Thursday, March 2, 2017

Sick Daze: A CURE FOR WELLNESS


A Cure for Wellness ends up another Hollywood movie about why being a workaholic is bad. And yet director Gore Verbinski makes the whole baroque horror atmosphere and plotting so intensely odd and unsettlingly drifting that I can’t help but admire it. Even as I found myself asking, “Why am I seeing this?” during the movie’s winding, repetitive middle, I couldn’t look away. (Well, except for the part with the aesthesia-free dental drilling. I had to squirm and squint then.) It’s set largely at a massive Swiss sanitarium set up in a sprawling nightmarish castle (one which houses centuries-old secrets, no less). There you can check out, but you can never leave. So discovers ambitious finance guy Lockhart (Dane DeHaan) when sent to retrieve his company’s missing chairman. The old man (Harry Groener) has been holed up in this place receiving aqua-therapy: steamed, dipped, dripped, and dunked while drinking plenty of fluids. And yet he never seems to get any better. And the head doctor (Jason Isaacs) insinuates he won’t any time soon. And the nurses won’t seem to call Lockhart a cab. And then he somehow topsy-turvy ends up a patient there himself. Now we’re all trapped, wondering how there could possibly be a way out of this Kafka-meets-Kubrick hall of body horrors.

As it begins we see dark ominous low-angle shots of a midnight modern cityscape, towering skyscrapers like one with a single glowing office in which a harried guy checks stocks and answers emails until he dies of a heart attack. It looks like a 90’s Fincher effort – mostly The Game – or the technological/supernatural isolation and paranoia of Verbinski’s own (great) The Ring. (He’s once again working with that film’s director of photography, Bojan Bazelli, brining the beautiful film in a similarly drained sumptuousness.) But by the time the young protagonist arrives at the health spa castle in the picturesque Swiss Alps, the whole production slips easily into a modern-day Gothic horror. (It’s not only the repeated eel imagery giving the movie its slithering, inevitable forward motion.) The place has a dark history, old lockets, hidden rooms, secretive groundskeepers, eerily unbending rules, stern authority figures, and a pretty, pale young woman (Mia Goth) with a mysterious past. Lockhart is drawn deeper into the hallucinatory hallways (think a Shining hospital) and the spooky subtext as doctors don’t quite say all they mean, and teeth fall out, urine samples have icky substances floating in them, and fellow patients are increasingly confused or confusing.

Running well over two hours, the script by Verbinski and Justin Haythe (Snitch) takes its time doling out clues and suspicions, only fully unspooling its knotty, baroquely upsetting backstory in its final moments. This gives most of the film over to atmosphere, wandering down the same halls, seeing increasingly suspicious behavior and ever more unhinged gross medical procedures. Here modernity has been thoroughly colonized by the Gothic imagination. Verbinski’s strong command of tone and genre has befitted his career resuscitating old modes with a twist. He’s made a ghost story (The Ring), westerns (Rango, The Lone Ranger), pirate movies (the first three Pirates of the Caribbean), madcap slapstick (Mouse Hunt) and screwball heists (The Mexican), all old-fashioned forms told with newfangled vernacular. With Wellness he drags Gothic trappings into now, tapping into a potent feeling of gaslit befuddlement. He conjures an atmosphere of unspeakable wrongness, allowing an in-over-his-head protagonist to wandering the clammy corridors and sweaty stones with increasing unease. He’s slowly losing his mind, unable to put the pieces together, pacified only by flirtations with the mystery girl and the stunning mountain views. He could very nearly forget why he’s there, but for the sudden dips into disturbing escalation: locked in a sensory deprivation chamber, hallucinating a deer in the steam room, hearing odd whistling rattles from around corners and down dark vents.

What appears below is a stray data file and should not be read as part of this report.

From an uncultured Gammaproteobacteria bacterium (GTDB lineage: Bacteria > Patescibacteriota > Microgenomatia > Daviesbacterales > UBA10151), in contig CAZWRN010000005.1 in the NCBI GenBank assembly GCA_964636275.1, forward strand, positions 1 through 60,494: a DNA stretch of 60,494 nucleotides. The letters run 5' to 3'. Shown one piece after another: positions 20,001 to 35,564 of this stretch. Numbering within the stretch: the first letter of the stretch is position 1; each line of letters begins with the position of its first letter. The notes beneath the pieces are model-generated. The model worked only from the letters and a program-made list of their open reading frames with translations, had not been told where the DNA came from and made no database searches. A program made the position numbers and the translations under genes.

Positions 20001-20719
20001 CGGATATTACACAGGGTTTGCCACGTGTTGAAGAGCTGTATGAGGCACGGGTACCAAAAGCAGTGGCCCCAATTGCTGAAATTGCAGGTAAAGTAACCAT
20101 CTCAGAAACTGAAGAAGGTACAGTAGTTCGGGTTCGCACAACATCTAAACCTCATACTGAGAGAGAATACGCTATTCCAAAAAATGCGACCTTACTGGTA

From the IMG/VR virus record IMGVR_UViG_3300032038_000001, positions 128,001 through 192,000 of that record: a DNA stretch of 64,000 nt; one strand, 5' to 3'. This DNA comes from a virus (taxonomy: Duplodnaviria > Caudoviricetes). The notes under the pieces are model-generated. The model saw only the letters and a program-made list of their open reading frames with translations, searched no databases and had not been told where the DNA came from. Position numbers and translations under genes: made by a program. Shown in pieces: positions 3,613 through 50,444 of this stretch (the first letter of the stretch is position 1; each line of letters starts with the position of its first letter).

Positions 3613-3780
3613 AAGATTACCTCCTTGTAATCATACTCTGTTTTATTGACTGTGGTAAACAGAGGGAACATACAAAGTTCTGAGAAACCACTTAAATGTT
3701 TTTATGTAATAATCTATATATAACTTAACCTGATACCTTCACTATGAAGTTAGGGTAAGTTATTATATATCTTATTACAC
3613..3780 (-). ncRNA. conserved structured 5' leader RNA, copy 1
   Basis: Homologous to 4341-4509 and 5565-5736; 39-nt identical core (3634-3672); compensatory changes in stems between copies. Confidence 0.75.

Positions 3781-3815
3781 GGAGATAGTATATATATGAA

The people running the spa are quite transparently up to no good, and their constant lies and obfuscations when asked direct questions don’t seem to matter. So what if Lockhart knows they are lying when their cult of wealthy health nuts is happy in a cocoon of misinformation? There’s a perceptive strain of anti-intellectualism hiding under mindless quantification happening here, wrapped up in a nasty, pulpy mystery. (Timely, no?) It answers the question of why we’re watching this queasy blend of inevitable and adrift plotting in the same way as the question of why our protagonist doesn’t just leave. We’re all too curious to see how this thing turns out. For a finale, Verbinski has the movie devolve into a faintly more standard grotesque scramble, with vulnerable nubile flesh juxtaposed with a monster’s drooping, drooling face while the hero takes decisive action. But the filmmaker maintains such a vice grip of stunning imagery and sustained, teeth-gritted gross-out tension, straight through to the final shot, that it’s hard to shake the film’s sinister insistent spell. It’s as slithery as a bathtub full of eels wriggling around a bathing woman who peers over the edge with an inscrutable stare. The movie is full of such mesmerizing, disturbing allure. It is masterfully directed mush.

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